What does blockchain mean for fresh produce?
Blockchain offers a range of benefits for the fresh produce industry. It promises greater transparency and traceability in supply chains; implicating improved productivity and greater food safety. By providing logistical insight, and increased control over produce; blockchain could help fresh produce businesses reduce costs, scale production, and invest in focused growth.
What is blockchain in fresh produce?
In short, blockchain is a digital platform that records transactions in a verifiable, and permanent way. As a transaction occurs it is recorded on a shared ledger. The shared ledger is distributed across the entire ‘chain’ (of users), meaning the data is distributed and stored instantaneously across the network. This means that a transaction can be trusted as its details are verified by the network at large.
With blockchain, the movement of fresh produce is recorded at each hand-off. If, for example, a container of avocados are loaded for transit, the handler will log key data; such as location, time and provenance. As every handler will enter this data, every item will have a full, traceable history with records at every point of its journey from farm to store. This data can be shared to designated participants in the blockchain, and helps build consensus.
How will blockchain impact fresh produce businesses?
Blockchain will benefit growers, pickers, and packers by making them more efficient. For fresh produce businesses, this could mean speedier, more reliable supply chains - helping them to improve customer loyalty and maximise sales.
“Fresh produce can spend 50% of its life in transit.”
- Logistics Bureau
The longer fresh produce spends in transit, the greater the risk of defects such as discolouration and food-browning. Blockchain could provide an answer.
With access to data charting the journey of fresh produce, growers can utilise data stored on the blockchain to identify slow-moving items or produce that lays dormant before collection. Moreover, being able to map supply lines could open the door to potential pooling opportunities, or to previously unknown routes.
It will also allow suppliers to manage demand more effectively. The very same data could be manipulated to identify issues such as overstocking or stock-outs will help ensure resources are utilised optimally and reduce the likelihood of wasted journeys or unnecessary loads.
The technology will also reduce admin-overheads by automating documentation. Vital information - such as bill of lading, invoices and certificates - will be shared via the blockchain. This allows for quick hand-offs and decreases the likelihood of timely mistakes.
Ultimately, greater traceability and efficiency will make for quicker, more reliable supply chains - helping suppliers to improve relationships with retailers, and maximise profits.
With blockchain, suppliers are able to improve the safety and quality of produce.
While time and distance certainly affect the freshness of produce, variable conditions are another potential problem. Fresh goods are sensitive to temperature fluctuations and highly susceptible to contamination.
With blockchain, suppliers are able to implement smart contracts, which helps maximise freshness. A smart contract digitally facilitates, verifies, or enforces contract terms via the blockchain. Users can personalise a smart contract to suit their needs; a fresh food supplier might, for example, ascribe a temperature limit to fresh produce containers.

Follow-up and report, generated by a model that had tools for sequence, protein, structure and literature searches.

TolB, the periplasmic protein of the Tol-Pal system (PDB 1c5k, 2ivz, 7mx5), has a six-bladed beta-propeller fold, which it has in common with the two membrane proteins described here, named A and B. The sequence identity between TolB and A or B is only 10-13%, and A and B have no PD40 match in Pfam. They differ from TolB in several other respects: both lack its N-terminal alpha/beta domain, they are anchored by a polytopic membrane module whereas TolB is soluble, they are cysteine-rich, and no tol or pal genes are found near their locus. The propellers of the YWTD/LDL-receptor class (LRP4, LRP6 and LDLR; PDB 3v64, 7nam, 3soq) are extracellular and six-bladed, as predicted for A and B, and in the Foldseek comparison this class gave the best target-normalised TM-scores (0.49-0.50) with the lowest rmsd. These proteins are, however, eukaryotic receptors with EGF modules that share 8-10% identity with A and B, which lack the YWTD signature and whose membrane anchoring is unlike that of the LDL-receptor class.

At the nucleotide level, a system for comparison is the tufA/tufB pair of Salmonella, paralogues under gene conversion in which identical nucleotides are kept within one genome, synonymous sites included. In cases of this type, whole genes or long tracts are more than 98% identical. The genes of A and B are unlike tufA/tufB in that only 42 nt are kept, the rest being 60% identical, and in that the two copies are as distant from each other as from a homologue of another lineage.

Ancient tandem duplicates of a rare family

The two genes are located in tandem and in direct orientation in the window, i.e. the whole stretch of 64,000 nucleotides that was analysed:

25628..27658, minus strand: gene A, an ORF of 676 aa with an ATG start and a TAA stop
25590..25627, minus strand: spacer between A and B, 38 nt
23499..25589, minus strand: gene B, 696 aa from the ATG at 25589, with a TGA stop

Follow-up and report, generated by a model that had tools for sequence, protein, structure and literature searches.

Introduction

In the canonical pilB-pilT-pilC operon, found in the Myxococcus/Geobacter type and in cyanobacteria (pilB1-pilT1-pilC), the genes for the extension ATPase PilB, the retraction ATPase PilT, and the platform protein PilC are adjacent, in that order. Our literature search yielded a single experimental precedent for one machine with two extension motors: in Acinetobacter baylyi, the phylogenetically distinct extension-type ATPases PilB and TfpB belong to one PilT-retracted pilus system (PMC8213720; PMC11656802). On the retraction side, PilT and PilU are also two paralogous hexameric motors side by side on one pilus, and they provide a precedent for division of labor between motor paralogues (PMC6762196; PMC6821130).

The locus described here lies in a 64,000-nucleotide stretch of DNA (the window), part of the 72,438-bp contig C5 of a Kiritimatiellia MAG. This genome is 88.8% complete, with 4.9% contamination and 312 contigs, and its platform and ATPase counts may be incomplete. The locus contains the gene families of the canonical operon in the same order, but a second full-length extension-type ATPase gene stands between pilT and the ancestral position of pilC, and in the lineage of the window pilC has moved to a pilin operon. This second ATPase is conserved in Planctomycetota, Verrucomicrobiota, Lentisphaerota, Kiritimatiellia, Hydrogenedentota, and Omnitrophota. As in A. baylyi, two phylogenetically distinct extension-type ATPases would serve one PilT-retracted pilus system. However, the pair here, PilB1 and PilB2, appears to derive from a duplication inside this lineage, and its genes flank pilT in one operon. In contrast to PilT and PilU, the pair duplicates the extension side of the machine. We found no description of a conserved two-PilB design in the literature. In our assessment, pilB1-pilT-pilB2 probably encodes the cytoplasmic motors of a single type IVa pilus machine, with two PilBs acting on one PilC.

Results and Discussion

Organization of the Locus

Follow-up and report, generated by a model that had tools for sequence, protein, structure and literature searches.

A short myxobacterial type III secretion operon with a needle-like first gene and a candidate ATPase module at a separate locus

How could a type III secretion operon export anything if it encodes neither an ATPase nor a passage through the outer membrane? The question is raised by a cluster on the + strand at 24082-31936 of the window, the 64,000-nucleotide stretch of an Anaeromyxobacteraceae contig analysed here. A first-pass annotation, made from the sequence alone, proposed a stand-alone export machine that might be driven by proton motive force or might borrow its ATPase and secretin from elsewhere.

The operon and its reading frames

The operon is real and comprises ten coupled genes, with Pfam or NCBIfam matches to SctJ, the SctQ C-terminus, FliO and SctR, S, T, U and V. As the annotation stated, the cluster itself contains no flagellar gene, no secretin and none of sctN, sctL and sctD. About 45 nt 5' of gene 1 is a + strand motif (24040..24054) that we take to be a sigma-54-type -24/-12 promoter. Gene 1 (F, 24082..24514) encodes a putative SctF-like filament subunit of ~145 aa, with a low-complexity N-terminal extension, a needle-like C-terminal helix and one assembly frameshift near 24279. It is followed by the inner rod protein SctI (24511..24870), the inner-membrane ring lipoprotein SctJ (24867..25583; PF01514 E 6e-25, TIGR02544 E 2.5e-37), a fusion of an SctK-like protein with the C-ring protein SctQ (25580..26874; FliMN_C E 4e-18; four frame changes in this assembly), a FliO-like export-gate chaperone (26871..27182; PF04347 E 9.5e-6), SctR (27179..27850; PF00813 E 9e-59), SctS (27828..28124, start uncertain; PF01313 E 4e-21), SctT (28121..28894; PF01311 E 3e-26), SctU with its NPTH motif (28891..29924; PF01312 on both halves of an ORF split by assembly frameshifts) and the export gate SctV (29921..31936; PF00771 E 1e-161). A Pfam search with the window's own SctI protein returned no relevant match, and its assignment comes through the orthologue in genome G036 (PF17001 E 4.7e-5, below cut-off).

With an RFID sensor suppliers are able to track the temperature and humidity of conditions at each link in the supply chain. This gives suppliers access to historical data relaying conditions from an origin, through warehouses and carriers, all the way to the store.
With an RFID sensor, suppliers will be able to tell if a smart contract has been broken instantly. If, for example, the temperature of a container arrives in store above a prescribed temperature limit, suppliers will know and might penalise the previous carrier. This way, the root cause of defects can be identified and resolved quickly. This will help reduce the loss of produce as it moves through the supply chain.
The RFID sensor will make each handler accountable to the next, and an attached smart contract will ensure handlers comply with the requirements stipulated by growers. This helps decrease waste without any need for a costly enforcement strategy. The ability to maintain produce as it moves along the supply chain will improve the quality of goods, meaning suppliers generate more value and increase profits.
Blockchain will allow for greater logistical and operational capacity; enabling suppliers to build efficiency, trust, and reliability into the foundation of their business. With the fundamentals covered, fresh produce businesses can scale-up and maximise gains.
LINKFRESH and Blockchain
For many years LINKFRESH has supported grower-to-retailer traceability, including GTIN adoption and PTI compliance. Blockchain represents a leap forward enabling LINKFRESH users to securely share their traceability data throughout the fresh produce supply chain.
Blockchain means our customers now have a secure and indelible way of publishing their traceability data to those that need it, such as retailers and other supply chain parties.